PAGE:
With Dallas Keuchel off the market, James Shields is the biggest name left unsigned, but the San Diego Padres should resist going near their former starter.
When Dallas Keuchel signed with Atlanta on Thursday, that left James Shields as the most high-profile starting pitcher left on MLB‘s open market. While he might be tempting to some Padres fans due to the team’s current rotation woes, the last thing the Friars should do is bring Shields back to San Diego.
There’s no denying that the Padres’ starting core is a mess; they’re incoherent from start to start, and they don’t have a clear number-one to anchor down the rotation.
James Shields was expected to be the number-one starter when the Padres signed him before the 2015 season. He was supposed to be a big part of A.J. Preller’s massive overhaul, agreeing to a 4-year, $75 million deal that was the biggest free-agent contract in Padres history at the time.
But Shields completed only one full season in San Diego.
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Coming off a season in which he was on the American League MVP ballot (albeit 18th), Shields lasted a season and a half with the Padres before they traded him to the White Sox in the middle of the 2016 season.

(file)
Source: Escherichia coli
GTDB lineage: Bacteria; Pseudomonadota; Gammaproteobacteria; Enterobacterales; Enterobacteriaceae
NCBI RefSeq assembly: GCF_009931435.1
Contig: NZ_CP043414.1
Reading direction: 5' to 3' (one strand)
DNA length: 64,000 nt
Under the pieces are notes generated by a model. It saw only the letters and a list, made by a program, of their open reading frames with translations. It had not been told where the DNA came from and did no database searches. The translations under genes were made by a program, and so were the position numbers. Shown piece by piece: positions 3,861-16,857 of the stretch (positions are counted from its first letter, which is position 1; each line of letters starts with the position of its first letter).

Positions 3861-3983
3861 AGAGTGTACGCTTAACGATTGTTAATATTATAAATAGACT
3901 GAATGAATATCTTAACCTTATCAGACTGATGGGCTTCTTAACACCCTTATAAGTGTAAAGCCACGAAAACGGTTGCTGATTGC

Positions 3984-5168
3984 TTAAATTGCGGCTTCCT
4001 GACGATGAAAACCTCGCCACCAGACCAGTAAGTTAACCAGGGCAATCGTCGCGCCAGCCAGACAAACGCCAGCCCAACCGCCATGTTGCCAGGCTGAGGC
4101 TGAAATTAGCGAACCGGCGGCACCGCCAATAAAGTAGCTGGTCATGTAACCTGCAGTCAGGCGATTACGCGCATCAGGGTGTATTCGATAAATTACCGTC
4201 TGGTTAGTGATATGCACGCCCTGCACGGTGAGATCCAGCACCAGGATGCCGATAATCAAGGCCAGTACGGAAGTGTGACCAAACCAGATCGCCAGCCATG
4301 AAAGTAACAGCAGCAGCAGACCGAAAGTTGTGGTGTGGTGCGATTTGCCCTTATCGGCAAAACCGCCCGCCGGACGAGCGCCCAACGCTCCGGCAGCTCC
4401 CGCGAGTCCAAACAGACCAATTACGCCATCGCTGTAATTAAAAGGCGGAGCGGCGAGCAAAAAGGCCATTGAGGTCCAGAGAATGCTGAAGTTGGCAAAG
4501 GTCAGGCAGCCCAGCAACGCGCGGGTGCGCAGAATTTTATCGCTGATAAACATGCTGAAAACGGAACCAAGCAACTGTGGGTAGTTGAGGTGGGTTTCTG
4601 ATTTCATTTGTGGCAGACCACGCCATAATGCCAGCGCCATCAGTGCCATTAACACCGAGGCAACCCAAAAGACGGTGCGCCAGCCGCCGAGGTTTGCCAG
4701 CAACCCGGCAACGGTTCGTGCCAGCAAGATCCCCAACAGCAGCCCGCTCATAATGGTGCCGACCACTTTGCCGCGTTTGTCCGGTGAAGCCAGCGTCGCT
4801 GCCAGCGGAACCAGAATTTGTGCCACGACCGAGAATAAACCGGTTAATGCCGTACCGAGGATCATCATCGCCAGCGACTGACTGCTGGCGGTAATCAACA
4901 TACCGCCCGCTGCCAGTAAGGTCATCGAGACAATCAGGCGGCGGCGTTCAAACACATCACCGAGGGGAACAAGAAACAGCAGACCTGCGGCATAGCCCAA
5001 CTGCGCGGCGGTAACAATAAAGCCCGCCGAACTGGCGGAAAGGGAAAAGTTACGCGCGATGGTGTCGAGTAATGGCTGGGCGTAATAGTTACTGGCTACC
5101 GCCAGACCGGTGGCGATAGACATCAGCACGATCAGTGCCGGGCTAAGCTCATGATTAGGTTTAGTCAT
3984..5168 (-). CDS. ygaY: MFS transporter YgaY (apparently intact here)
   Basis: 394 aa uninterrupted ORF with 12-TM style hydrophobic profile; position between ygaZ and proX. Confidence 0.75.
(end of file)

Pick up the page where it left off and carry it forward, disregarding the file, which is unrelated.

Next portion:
It was a quick demise for someone who was supposed to be a building block of the “new” San Diego Padres.
Shields left San Diego with a 15-14 record and a 4.00 ERA. In 269.2 innings pitched, he surrendered 258 hits according to Baseball Reference—that’s basically a hit every inning.
Where things got even more concerning was when looking at his averages over nine innings: 2.2 walks and 0.8 home runs.
When Shields was on, he was on—but it was equally likely that he wouldn’t be, and would be extremely hittable. In his last start before being traded to the White Sox, he gave up a whopping ten runs in 2.2 innings. It was pretty telling that the guy who was supposed to be the Padres’ ace was considered the number-three starter by Chicago.
It’s true that the Padres are in desperate need of a reliable starter, preferably one with veteran experience to help push an increasingly younger roster into playoff contention. Starting pitching is a key component of every contender, and right now it’s uncertain as to whether or not the Padres’ starters are cut out for that.
But Shields just didn’t deliver during his time in San Diego. And would he be either a short-term, half-season rental or is he looking for a Craig Kimbrel-esque contract where a team commits for multiple years? Either way, the Padres would almost certainly be investing more than Shields’ numbers in a Friars uniform say he’s worth.
And if you’re still on the fence, here’s this: trading James Shields is what brought Fernando Tatis Jr. to the Padres. That’s certainly not a trade any Padres fan would want to take back right now.
For complete coverage of the San Diego Padres’ 2019 season, continue following Friars on Base.